The Hawaiian meaning of Maui is “God of Fire” which has manifested in reality for the residents there since August 8 when wildfires fanned across the island, growing in size and intensity, scorching over 2,000 acres and devasting the historical town of Lahaina, among other parts of the island. The losses truly cannot be measured as there is no metric to value to lives lost, homes vanished and history erased.
The history of Maui is intriguing with King Kamehameha the Great conquering Maui sometime around 1794, later naming Lahaina the capital of his kingdom.
Lahaina remained the capital of Hawaii until King Kamehameha III moved it to Honolulu in 1840 and for most of the 1800s Lahaina was a whaling port and is still famous as a whaling port but mostly for whale watching, shopping, the banyan tree and a small church in town.
Lahaina’s famous banyan tree was planted in 1873 by the sheriff of Maui and is the largest in the United States, standing 60 feet tall, covering 2/3 of an acre and an entire block with its 46 trunks. The heart of the community and a landmark for 150 years burned to the ground but optimists are hopeful it will survive through its charred remains.
Waiola Church had been standing since Lahaina was the capital of Hawaii, celebrating its 200th anniversary this year. Many kings, queens and missionaries who settled Lahaina are buried in a small cemetery located at the Waiola church on Waine’e street in Lahaina. The church burned to the ground last week.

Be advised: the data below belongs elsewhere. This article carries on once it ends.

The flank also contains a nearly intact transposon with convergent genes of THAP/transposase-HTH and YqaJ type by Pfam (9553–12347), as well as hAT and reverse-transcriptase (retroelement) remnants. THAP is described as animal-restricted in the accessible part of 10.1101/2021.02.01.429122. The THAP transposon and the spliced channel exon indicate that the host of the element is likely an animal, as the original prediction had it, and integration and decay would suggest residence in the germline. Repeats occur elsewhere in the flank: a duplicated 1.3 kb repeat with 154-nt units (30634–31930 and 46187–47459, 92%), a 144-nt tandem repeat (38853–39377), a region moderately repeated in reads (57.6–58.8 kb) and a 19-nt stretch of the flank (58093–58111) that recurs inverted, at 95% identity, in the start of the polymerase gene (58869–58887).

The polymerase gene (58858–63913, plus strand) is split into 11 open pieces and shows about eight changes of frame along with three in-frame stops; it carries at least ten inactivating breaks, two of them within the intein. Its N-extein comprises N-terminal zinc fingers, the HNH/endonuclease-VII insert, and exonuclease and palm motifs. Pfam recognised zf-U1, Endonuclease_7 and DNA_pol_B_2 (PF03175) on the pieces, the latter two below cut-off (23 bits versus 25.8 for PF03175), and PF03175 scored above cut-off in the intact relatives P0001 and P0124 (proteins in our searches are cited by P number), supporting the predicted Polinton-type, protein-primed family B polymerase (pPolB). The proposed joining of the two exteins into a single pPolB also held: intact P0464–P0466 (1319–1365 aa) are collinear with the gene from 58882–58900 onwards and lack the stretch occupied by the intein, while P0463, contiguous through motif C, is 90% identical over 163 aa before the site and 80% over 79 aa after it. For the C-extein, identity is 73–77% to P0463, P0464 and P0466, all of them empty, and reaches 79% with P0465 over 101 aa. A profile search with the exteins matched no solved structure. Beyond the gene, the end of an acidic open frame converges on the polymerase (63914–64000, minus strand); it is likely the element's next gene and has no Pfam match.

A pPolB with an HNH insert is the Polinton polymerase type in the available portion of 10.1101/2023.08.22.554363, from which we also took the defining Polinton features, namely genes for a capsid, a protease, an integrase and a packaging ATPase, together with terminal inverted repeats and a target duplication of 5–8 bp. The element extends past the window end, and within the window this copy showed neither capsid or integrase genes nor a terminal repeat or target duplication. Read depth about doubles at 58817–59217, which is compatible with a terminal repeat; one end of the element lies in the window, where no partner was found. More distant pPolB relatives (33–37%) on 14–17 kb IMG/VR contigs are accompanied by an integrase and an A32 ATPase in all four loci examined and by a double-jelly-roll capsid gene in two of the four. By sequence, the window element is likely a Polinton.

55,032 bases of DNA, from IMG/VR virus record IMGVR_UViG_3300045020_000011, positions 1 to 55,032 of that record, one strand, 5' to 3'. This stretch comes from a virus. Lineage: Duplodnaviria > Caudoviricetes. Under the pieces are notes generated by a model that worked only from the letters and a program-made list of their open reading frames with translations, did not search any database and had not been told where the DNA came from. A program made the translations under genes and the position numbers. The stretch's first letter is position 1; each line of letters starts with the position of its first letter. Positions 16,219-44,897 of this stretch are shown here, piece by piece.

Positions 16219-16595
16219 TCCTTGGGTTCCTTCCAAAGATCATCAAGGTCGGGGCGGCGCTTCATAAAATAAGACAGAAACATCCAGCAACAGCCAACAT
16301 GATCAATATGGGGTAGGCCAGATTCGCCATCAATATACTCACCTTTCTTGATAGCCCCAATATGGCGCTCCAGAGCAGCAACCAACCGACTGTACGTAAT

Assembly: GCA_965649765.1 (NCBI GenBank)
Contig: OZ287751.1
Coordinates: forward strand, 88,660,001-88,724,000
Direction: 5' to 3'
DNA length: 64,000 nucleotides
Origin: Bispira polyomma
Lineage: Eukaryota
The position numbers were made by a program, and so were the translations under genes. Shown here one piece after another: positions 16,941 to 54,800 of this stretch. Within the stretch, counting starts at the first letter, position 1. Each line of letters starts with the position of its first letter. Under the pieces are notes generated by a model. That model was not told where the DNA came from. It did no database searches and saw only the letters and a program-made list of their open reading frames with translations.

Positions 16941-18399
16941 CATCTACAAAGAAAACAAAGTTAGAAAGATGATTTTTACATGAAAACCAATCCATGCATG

I write about this tragedy because it is personal for me and my family. I am what the Hawaiian people call kamaaina or a child of the land, a word describing someone who lives in Hawaii or once lived there but moved away. My husband and his family are from the islands, all of them are kanakas (natives) and his cousin is the retired fire chief for part of Maui including Lahaina and is leading rescues at this writing.
When you travel to Hawaii, aloha is used interchangeably with hello, goodbye, love, affection and mercy. Queen Liliuokalani is known to have said, “Aloha is to learn what is not said, to see what cannot be seen, and to know the unknowable.”
In 1986, the state of Hawaii introduced the Aloha Spirit law requiring the public to be treated with aloha.
I have no doubt the kanakas and kamaaina in Hawaii will continue the Aloha spirit during this tragedy and come together as one Ohana, which means family.
All of us have a story and I want to tell yours! Send them to firstname.lastname@example.org